Well, we are actually in the third week of classes here at UMW, amazing how fast it is going, especially since we are literally crushed with activity and uptake of UMW Blogs. It has been a banner semester with almost 50 courses and over 35 different professors using the system is some fashion or another this semester alone. It’s amazing that we’re three weeks in and I am still jam packed with visiting courses and giving an overview of the system. It’s fun to see things light up like this, and at the same time a little tough because what was once a system I could in some ways maintain and “control” has gotten out of my hands. The RSS feed moves so furiously that I can’t even begin to catch up, and I’m feeling a bit estranged from the joy of the whole experiment, reading widely and commenting often. I know I’ll find my pace once things slow down for me, but I’m on edge just thinking about how much I’m missing already. I know you can’t consume it all, but damn it if you don’t make the Herculean effort necessary to keep the community solid.
BuddyPress running on UMW Blogs but we are still treating it very much experimental, using it mainly using it predominantly for blog and member directories—though not preventing anyone from toying around with the profiles, messaging, groups, etc. We haven’t entirely themed the BuddyPress integration yet, but you can get a sense of Martha’s brilliant styling here. And if you haven’t seen the site re-design on the frontpage, you should really take a look, Martha is amazing.
What struck me this evening when I checked in on the first two weeks stats for UMW Blogs is what an insane amount of traffic the site has gotten since August 24th. Over 51,000 visits, almost 36,000 of them unique, and more than 150,000 page views! Now, these numbers are particularly startling given that we have just over 3500 users, all of whom are definitely not active. What these figures suggest to me is that UMW Blogs is getting an immense amount of traffic from people who are not part of our community. Unlike last year, more than 74% of our traffic is from search sites and referring sites. What we have here is an open ecosystem of thinking, teaching and learning that people are accessing regularly, and en masse, through web searches and referral links. That’s wild! And while numbers lie, and I understand all that, what this tells me is that while UMW Blogs is becoming a dreaded system, it does offer some basic amenities that are key to our institution: a quick and easy place to publish media and create dynamic sites; a culture for sharing what we do and opening up the dialogue beyond the university walls; a fairly sophisticated syndication engine for aggregating together relevant content that keeps getting easier.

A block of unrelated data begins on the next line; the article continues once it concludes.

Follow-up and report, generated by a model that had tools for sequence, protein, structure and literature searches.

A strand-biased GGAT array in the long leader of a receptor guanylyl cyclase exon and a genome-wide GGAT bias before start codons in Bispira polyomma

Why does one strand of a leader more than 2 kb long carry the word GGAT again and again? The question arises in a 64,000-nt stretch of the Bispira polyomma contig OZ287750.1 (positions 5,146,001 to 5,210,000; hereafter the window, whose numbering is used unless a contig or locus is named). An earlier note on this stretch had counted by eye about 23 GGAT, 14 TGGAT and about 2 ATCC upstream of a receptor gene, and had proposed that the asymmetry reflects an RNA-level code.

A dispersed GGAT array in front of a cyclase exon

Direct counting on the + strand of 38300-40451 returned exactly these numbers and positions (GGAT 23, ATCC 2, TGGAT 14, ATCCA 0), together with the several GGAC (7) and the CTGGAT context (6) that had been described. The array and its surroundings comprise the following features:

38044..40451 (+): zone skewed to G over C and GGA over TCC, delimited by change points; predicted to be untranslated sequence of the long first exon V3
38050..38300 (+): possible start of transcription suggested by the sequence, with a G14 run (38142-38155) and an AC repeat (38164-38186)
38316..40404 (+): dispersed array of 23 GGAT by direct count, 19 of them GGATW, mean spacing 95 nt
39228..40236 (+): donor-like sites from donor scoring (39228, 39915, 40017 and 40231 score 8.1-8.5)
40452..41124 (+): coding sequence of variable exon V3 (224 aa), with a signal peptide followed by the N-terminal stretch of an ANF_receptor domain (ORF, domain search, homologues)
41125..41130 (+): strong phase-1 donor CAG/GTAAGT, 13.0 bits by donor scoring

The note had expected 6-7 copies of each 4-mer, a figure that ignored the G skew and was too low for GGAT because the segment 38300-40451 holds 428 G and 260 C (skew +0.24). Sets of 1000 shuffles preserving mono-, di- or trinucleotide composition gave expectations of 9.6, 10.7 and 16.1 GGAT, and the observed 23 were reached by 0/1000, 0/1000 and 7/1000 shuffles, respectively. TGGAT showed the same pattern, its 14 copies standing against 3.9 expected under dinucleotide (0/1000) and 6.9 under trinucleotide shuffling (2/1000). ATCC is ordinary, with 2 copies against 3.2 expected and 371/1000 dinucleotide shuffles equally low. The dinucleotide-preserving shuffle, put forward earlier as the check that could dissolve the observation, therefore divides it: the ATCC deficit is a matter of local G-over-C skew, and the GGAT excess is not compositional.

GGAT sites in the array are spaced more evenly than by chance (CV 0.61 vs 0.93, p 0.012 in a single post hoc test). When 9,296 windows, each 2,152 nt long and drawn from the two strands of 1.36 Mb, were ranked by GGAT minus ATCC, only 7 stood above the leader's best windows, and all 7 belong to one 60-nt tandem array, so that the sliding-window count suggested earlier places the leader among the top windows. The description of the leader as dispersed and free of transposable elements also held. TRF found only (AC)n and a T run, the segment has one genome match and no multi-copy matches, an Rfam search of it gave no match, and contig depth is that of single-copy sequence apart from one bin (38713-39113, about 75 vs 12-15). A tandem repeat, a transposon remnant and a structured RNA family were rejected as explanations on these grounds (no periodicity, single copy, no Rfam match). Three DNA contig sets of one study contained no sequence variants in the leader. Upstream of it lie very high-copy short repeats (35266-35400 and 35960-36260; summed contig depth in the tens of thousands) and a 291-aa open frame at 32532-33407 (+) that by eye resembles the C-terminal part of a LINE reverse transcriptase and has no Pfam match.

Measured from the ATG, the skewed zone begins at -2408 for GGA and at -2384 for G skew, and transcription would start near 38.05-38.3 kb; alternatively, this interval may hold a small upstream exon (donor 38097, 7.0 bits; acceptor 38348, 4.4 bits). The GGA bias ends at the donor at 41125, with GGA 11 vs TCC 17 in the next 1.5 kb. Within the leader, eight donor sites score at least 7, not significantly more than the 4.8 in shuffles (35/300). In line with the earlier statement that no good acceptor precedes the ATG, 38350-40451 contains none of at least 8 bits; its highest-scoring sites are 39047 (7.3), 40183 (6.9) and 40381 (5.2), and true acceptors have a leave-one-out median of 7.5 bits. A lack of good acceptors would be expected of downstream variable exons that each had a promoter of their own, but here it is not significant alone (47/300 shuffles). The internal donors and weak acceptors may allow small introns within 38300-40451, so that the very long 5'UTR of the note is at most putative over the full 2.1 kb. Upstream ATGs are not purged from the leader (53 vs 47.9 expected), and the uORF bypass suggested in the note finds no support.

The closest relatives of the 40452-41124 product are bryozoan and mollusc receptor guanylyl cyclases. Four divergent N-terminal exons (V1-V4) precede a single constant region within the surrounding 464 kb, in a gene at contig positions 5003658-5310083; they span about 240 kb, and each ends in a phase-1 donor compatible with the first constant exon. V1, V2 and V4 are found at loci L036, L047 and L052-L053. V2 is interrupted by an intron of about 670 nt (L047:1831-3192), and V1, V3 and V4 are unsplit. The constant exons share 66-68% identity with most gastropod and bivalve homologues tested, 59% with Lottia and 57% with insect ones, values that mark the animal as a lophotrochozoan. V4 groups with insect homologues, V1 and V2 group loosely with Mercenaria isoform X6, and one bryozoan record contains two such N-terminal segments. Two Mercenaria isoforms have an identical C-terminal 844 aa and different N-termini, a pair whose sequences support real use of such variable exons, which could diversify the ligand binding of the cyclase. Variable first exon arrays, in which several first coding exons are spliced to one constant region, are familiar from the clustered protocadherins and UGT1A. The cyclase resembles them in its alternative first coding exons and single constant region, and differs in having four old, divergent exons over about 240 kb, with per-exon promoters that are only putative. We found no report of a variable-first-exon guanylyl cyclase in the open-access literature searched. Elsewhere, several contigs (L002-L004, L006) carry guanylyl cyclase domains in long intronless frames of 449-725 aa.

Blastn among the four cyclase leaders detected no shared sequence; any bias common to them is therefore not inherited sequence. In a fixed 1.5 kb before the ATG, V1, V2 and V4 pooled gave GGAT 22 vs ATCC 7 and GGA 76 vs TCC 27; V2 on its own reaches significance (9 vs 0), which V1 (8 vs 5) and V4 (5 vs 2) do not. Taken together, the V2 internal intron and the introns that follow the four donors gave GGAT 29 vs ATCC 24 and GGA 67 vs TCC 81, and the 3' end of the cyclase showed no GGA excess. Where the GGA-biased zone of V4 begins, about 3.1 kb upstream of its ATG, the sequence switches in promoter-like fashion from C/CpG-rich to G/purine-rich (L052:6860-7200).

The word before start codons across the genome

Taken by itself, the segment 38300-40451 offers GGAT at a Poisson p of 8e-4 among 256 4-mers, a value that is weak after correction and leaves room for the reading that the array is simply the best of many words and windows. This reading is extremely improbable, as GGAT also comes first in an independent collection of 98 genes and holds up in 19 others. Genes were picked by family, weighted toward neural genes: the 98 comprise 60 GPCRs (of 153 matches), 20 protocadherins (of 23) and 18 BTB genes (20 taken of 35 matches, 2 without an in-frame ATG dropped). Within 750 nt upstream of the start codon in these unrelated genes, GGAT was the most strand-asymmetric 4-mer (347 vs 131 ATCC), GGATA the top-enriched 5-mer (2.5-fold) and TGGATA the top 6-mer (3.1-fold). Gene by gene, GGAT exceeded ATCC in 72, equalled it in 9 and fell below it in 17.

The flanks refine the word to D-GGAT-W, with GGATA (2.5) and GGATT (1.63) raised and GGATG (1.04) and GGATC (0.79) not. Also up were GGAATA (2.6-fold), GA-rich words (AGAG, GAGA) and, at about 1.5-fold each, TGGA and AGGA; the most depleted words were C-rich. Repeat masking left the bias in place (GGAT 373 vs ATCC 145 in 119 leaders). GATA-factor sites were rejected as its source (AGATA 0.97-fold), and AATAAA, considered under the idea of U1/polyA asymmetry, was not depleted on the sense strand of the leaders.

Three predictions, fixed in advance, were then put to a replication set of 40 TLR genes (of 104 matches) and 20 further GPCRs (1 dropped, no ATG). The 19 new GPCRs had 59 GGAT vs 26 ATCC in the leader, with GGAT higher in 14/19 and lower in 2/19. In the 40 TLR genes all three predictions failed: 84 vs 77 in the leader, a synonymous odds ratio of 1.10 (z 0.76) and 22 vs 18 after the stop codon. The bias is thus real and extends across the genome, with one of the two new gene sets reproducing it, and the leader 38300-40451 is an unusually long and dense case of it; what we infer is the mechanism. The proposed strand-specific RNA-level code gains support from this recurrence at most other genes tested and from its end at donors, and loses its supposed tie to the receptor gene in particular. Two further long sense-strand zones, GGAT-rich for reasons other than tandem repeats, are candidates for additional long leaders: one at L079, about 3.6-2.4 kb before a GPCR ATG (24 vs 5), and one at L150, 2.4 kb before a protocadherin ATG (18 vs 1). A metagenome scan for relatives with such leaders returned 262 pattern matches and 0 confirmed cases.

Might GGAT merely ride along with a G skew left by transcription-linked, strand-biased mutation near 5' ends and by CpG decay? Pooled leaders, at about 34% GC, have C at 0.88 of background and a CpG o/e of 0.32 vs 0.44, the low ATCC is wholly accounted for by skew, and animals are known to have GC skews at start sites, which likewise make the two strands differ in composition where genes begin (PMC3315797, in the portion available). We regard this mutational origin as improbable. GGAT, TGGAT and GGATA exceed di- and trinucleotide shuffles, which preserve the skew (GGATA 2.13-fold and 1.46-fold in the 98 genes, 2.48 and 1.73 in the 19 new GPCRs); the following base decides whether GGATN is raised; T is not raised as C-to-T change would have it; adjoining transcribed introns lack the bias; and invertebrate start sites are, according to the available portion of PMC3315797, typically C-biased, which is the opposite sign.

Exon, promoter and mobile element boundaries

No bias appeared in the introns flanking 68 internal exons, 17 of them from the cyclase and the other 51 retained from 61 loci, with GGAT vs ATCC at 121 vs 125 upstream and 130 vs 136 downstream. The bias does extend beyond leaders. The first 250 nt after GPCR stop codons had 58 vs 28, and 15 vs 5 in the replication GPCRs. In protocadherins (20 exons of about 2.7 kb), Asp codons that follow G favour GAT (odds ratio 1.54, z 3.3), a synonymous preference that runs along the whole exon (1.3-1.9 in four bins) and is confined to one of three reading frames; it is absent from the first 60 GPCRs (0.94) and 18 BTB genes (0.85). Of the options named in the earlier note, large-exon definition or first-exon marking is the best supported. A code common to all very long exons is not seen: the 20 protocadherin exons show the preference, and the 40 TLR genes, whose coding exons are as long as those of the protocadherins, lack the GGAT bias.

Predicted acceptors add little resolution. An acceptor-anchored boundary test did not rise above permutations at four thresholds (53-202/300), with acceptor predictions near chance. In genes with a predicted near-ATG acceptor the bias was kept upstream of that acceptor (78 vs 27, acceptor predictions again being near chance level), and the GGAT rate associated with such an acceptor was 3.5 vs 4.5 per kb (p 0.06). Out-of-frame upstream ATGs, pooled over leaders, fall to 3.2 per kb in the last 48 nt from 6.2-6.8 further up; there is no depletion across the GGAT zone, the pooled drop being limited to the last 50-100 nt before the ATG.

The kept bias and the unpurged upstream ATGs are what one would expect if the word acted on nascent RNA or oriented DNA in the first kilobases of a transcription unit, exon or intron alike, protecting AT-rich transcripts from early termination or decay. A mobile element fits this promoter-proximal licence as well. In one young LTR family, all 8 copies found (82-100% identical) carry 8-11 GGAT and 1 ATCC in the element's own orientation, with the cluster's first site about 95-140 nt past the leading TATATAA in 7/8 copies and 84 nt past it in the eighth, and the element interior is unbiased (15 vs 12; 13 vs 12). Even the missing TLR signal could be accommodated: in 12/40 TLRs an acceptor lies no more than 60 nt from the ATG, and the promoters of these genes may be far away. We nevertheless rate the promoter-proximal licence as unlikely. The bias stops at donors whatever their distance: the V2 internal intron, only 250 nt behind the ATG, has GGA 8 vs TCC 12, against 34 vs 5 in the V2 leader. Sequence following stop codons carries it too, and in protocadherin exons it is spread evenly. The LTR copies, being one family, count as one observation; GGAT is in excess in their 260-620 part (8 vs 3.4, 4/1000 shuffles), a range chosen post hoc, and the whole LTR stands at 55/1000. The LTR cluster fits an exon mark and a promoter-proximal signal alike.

So rather than losing energy and getting demoralized with the tidal wave of work and projects, it is time to double up efforts and come up with a grant that spans several institutions and invests some serious time, energy, and money in working through the possibilities of fine-tuning the syndication bus. I know it can be done, and I truly believe we are pretty close to having a proto-type that may prevent many invested universities from simply capitulating to Google Wave and the other applications that are basically doing just this. What’s important about this is that we avoid surrendering all thought, innovation, content, and control over the places that we design to mega-corporations that are in many ways alienating us from the spaces we need to be hacking. And I say this knowing full well Google is amazing at what they do, and the Google LMS is not far off. That being the case, I still firmly believe it is the people and ideas that are working through these issues at their respective institutions and individually that need to be framing the possibilities and imaginatively dialoging about the implications. What we need maybe even more than convenience is a critical perspective on the ways in which so much of our online spaces, data, and possibilities are being determined for us.
I’m unbelievably happy with what’s happened here at UMW, but there are still holes we need to figure out, and we need to start imagining that aggregation engine that doesn’t become about any one system, but rather pulls together and relates data from a plurality of services and sites using a few basic standards. So, this is my wake-up call that there is much work to still be done, and the framing of a possible grant needs to be rolled out here soon to keep things relevant and interesting as real-time RSS begins to heatup.